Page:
Some New Yorkers are weighing whether to stay home Friday amid surging tensions spurred by the war between Israel and Hamas, even as Mayor Eric Adams said the city had “no credible or specific threats.”
(Bloomberg) — Some New Yorkers are weighing whether to stay home Friday amid surging tensions spurred by the war between Israel and Hamas, even as Mayor Eric Adams said the city had “no credible or specific threats.”
Morgan Stanley told staff they could work from home Friday, when an “All Out For Palestine” rally is scheduled to be held in Times Square, not far from the bank’s headquarters. Google parent Alphabet Inc. said New York employees could decide whether to stay at home, while at least one Jewish school in Queens told parents it would close for the day.
Authorities are bolstering the police presence at Jewish and Muslim houses of worship, and also at schools, Adams told reporters Thursday evening. New York has the largest Jewish population outside Israel.
“We have directed the NYPD to surge additional resources to schools, houses of worship to assure that they are safe,” he said. “Our deployment is also not only to our synagogues that have a high profile, but also many of the mosques that are high profile because we do not want anyone that comes with an extremist mindset to attack any religious institution.”
New York has been boosting security throughout the city in the days since Israel was attacked by Hamas, which killed at least 1,200 people and spurred the nation to declare war on the Islamist group, which has been designated a terrorist organization by the US and the European Union. More than 1,400 Gazans have been killed so far in the response.
For more on the Israel-Hamas war, click here.
Fears of potential violence and clashes outside Israel and Gaza were stoked by former Hamas chief Khaled Mashaal’s call for protests in support of Palestinians on Friday.
Several pro-Palestine and pro-Israel rallies have already been held in New York. Dueling protests at Columbia University took place Thursday afternoon, and the school closed its campus to the public ahead of the demonstrations. An Israeli student was assaulted outside the university library this week.
Israel’s National Security Council and Foreign Affairs Ministry warned Israelis abroad to be vigilant and stay away from demonstrations and protests.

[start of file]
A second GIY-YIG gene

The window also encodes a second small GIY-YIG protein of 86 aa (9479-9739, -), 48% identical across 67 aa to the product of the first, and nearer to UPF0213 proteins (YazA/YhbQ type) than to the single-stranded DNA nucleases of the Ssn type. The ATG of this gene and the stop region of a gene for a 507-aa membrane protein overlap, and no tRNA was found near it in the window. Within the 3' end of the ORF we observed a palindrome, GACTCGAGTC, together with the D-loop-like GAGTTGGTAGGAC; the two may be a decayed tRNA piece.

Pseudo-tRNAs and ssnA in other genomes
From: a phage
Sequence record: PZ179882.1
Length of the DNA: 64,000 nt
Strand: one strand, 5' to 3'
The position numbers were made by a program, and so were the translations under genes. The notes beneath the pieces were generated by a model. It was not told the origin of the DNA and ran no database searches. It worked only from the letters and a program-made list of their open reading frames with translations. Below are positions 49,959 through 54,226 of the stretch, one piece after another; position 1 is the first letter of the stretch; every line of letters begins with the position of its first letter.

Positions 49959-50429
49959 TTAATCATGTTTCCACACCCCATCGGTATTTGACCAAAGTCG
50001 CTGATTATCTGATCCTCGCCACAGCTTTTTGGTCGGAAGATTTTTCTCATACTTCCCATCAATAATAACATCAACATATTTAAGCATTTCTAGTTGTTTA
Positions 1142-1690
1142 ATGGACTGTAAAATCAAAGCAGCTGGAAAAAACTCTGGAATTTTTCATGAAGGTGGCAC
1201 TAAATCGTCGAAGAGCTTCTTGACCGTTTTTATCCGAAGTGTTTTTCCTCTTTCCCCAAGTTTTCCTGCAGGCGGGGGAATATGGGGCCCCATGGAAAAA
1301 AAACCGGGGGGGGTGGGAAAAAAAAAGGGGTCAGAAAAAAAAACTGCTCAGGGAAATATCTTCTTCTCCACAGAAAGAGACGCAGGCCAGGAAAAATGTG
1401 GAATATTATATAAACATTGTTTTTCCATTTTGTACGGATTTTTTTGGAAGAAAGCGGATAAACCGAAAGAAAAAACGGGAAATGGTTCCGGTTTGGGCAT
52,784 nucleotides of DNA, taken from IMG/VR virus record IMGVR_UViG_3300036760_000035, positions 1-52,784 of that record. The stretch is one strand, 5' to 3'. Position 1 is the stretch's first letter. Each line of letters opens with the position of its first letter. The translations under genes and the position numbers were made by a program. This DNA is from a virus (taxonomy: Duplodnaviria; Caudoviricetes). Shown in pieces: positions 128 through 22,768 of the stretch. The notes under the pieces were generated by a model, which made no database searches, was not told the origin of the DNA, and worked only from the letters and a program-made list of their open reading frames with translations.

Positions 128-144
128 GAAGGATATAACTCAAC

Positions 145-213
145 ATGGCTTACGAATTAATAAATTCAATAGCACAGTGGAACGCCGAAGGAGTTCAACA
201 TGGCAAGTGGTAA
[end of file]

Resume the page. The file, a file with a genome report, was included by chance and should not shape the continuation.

In New York, Morgan Stanley said in a memo to staff that employees could work from home if they prefer and have management consent. A spokesperson for the bank declined to comment.
Google left the decision up to its workers.
“We encourage you to monitor the local news and use your judgment regarding your commute to determine if working from home tomorrow is a better option for you,” the company said in a message to New York employees. “Our offices will remain open, but as always we urge you to prioritize your personal health, safety and wellbeing. Please work with your manager to make sure you have what you need.”
The New York Police Department ordered all officers to report in uniform starting Friday and be prepared for deployment, the New York Post reported, citing a memo.
A top NYPD intelligence official said an increase in security around the city is about deterrence and reassurance for New Yorkers, rather than a reflection of any imminent threat.
“Everybody should go about their daily lives,” Rebecca Weiner, Deputy Commissioner of Intelligence and Counterterrorism for the NYPD, told Fox 5 New York on Thursday. “We see tensions flaring up, we saw some protests over the weekend, we will continue to see protests today into the weekend. People have heated emotions, but we don’t see violence, and that is what we are going to ensure.”
–With assistance from Laura Nahmias, Katherine Doherty and Gillian Tan.
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